Now we got rid of the troubled meshes and retained the crucial information they gave.
It is easier to simply use the Loft command, select all the circles and Rhino Will generate the back frame polysurface. That’s what I did.
For those Who want to know how to obtain the spline that defines the back frame, I’ll explain briefly.
Use the curve by interpolate points command and tick only Center on Osnap, with Project and STrack off.
Obtain the back frame polysurface any way you prefer (Loft, Pipe, Sweep 1 rail)
OK, we got it. Disappointedly though, the polysurface comes a bit deformed to. The deformation is visually clear, it spoils our hope for a perfect model. Thinking how to get through to it led me to writing in the FlyingArchitecture forum seeking for help. This is a little ingenious solution I formulated for it.
In a curve made by interpolate points, the more points you create, the more it gets deformed if the points are not properly aligned to the correct shape.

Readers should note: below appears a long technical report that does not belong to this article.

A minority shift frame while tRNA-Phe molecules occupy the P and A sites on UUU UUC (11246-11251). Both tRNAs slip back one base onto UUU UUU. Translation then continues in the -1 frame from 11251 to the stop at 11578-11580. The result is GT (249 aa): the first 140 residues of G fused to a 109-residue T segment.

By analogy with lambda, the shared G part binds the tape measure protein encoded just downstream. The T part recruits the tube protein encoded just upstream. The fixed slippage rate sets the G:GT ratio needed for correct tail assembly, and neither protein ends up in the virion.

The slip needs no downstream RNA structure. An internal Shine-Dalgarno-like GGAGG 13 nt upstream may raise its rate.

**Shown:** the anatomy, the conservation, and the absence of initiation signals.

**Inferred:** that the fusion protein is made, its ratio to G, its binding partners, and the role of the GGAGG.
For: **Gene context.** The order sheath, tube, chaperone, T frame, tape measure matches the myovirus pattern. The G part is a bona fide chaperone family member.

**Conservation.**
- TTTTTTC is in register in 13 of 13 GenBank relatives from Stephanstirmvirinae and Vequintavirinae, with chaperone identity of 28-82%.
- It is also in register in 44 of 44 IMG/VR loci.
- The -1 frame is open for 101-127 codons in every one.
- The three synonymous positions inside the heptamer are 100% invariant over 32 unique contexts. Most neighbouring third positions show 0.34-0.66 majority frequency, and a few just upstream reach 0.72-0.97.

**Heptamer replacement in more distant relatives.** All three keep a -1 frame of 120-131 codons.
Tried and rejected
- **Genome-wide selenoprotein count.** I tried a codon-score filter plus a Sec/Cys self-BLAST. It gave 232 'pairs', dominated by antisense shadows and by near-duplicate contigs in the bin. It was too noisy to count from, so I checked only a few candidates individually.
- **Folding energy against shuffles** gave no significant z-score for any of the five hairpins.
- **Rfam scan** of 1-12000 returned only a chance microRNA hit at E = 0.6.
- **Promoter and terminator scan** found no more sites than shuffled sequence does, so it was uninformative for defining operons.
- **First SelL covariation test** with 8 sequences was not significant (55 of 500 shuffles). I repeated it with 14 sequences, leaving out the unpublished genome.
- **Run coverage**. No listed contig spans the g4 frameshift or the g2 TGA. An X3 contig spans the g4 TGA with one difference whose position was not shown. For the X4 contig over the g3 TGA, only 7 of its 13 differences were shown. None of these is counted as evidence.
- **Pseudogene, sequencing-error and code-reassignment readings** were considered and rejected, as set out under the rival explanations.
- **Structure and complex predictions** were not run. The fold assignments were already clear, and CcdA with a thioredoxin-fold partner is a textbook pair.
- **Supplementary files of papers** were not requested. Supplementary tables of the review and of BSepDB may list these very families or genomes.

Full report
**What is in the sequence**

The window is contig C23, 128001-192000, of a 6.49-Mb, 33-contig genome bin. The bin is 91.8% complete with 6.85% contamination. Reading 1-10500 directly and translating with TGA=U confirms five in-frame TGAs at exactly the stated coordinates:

These two curves are identical, but the upper one is composed of more points.
If we purposely disarrange some points of both curves, the curve with more points gets much messier and more deformed than the curve made by fewer points.
In the image above, the bottom curve, in yellow, is the original shape. Both upper curves had some points altered. It is much more evident in the curve with more points, and subtler in the curve with less points.
The same principle applies to our bentwood back frame. When generating the mesh triangulation to export the model to dwg format, the original software where the model was done denatured the original correct shape. To overcome this inconvenience, the solution is simple: we should delete some circles we Drew.
After some experiments, I arrived at this composition:
The reworked surface is much smoother and cleaner.
Do the same with the other bentwood parts.